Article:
Brendan "Paddy" Finucane, RAF #2 Ace....

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By Maurice Byrne.

He was the youngest Wing Commander in Fighter Command of the Royal Air Force And one of the highest scoring Allied pilots of the Second World War – all achieved in a space of two years. He was killed in action just months short of his 22nd. Birthday.

It is now nearly sixty years since the end of that war and most people in Ireland alive today have little knowledge or interest in the events of that time . We in Ireland were neutral and therefore no need to fight. But for all that over 100,000 southern Irishmen and men and women fought for the Allied cause. Much has been written about their bravery and courage but this article concentrates on a person who is practically unknown in his native land. His name: Brendan Finucane, or Paddy, as the British and Australian public knew him.

He was born in Rathmines on Oct.16 1920 to Andy and Florence Finucane, His father fought on de Valera's side in the 1916 Rising and his mother was English born. Brendan was the eldest of five children , Raymond, Kevin, Monica and Clare, all of whom are alive and living in Britain. Raymond who followed Brendan into the R.A.F. also flew Spitfires and Kevin served in the British Army.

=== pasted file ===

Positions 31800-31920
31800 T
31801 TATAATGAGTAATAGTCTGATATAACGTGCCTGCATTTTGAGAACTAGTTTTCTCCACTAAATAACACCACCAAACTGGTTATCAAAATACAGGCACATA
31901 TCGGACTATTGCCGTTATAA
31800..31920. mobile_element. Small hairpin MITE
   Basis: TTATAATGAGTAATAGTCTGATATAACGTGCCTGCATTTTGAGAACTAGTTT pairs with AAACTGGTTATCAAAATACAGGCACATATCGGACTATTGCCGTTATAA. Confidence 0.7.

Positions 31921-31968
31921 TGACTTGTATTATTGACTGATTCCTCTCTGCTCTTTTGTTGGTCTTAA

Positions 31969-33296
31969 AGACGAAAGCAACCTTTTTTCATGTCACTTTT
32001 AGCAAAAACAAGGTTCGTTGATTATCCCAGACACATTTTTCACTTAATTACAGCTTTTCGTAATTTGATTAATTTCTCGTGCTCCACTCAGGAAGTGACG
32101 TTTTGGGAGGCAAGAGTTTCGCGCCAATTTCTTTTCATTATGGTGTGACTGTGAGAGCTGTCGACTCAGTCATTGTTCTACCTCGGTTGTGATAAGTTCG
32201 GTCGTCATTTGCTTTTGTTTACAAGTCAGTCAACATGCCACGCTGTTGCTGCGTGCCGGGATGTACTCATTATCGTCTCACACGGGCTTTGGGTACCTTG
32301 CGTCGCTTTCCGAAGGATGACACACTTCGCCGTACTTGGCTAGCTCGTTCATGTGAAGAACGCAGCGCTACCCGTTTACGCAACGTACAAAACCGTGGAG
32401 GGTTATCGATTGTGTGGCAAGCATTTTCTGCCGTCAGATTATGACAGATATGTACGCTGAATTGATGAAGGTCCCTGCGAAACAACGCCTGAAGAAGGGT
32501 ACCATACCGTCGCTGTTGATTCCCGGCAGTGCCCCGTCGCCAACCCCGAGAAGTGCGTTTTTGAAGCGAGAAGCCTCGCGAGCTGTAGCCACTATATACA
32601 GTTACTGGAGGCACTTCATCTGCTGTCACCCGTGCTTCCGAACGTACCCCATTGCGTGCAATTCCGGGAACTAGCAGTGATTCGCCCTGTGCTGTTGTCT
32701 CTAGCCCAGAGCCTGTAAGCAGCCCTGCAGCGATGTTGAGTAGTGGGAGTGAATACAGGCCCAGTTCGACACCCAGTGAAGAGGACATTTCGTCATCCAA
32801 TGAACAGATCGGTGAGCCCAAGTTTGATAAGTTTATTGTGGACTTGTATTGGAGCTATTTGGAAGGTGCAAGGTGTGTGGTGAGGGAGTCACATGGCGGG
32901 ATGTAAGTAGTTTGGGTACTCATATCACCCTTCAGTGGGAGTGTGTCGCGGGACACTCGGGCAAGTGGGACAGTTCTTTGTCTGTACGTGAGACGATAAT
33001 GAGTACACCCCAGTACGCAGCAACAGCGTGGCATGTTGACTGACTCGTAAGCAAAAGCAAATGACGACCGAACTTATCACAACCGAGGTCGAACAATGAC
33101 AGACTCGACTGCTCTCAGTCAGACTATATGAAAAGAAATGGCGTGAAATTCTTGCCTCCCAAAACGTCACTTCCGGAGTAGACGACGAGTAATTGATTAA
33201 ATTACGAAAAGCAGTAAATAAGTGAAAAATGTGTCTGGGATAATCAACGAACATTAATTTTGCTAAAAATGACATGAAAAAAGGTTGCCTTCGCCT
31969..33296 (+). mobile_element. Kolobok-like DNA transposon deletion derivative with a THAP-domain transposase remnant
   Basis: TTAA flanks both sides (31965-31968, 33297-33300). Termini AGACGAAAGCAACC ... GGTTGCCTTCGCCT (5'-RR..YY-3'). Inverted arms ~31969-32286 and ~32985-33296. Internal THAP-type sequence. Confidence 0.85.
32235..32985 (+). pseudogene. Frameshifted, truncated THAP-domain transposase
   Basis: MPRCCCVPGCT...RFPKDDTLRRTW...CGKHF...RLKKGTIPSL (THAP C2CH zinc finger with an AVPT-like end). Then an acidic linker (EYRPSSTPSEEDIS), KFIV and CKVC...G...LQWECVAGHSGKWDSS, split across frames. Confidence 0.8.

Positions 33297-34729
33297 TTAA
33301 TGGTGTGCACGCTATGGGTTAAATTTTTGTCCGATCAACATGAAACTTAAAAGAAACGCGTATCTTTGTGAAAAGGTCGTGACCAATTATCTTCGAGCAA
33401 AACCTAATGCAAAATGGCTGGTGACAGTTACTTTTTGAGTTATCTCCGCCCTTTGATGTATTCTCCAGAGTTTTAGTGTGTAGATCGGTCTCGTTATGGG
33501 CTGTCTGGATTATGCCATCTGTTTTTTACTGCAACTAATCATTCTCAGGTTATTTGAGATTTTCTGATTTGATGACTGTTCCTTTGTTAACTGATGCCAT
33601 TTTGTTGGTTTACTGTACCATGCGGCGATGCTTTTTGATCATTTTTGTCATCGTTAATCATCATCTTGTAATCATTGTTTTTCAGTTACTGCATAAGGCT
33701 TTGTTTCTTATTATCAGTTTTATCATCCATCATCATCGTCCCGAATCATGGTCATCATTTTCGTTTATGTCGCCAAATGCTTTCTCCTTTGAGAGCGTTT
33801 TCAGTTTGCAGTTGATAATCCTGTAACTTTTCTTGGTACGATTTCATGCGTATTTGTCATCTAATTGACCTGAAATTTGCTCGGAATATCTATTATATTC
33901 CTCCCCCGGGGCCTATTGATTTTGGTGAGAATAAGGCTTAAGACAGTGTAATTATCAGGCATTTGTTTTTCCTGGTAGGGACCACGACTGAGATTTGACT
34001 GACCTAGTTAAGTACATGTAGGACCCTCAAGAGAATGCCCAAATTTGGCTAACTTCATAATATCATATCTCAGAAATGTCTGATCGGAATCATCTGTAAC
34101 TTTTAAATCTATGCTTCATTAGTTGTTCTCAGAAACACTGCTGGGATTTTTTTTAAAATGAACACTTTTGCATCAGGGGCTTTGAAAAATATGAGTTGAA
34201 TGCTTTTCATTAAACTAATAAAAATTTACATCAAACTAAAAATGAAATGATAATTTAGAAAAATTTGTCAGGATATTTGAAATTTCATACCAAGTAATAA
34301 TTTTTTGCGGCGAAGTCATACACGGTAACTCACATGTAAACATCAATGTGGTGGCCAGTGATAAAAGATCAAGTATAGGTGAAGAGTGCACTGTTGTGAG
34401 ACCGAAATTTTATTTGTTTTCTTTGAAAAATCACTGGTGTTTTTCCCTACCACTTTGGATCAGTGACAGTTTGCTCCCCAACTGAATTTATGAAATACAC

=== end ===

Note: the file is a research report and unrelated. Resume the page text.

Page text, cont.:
Baldonnel was where it all started when their father arranged for Brendan and Raymond to have a short flight in 1932. Both lads had the flying bug from reading about the real life exploits of Albert Ball and Mick Mannock and other stories of World War 1 air aces.

The family moved around quite a bit and Brendan was educated initially at Synge St. C.B.S. and finished his education at O'Connell Schools. Even at that early age Brendan's skills of organisation and determination were beginning to show through. He excelled at rugby, Gaelic football, boxing and rowing and by all accounts seemed to enjoy the challenge. The year was 1936 and many changes were in store for the Finucane family. Brendan finished his education with a reasonable schools certificate and took an accounts job with a firm in Sandymount, where the family had moved.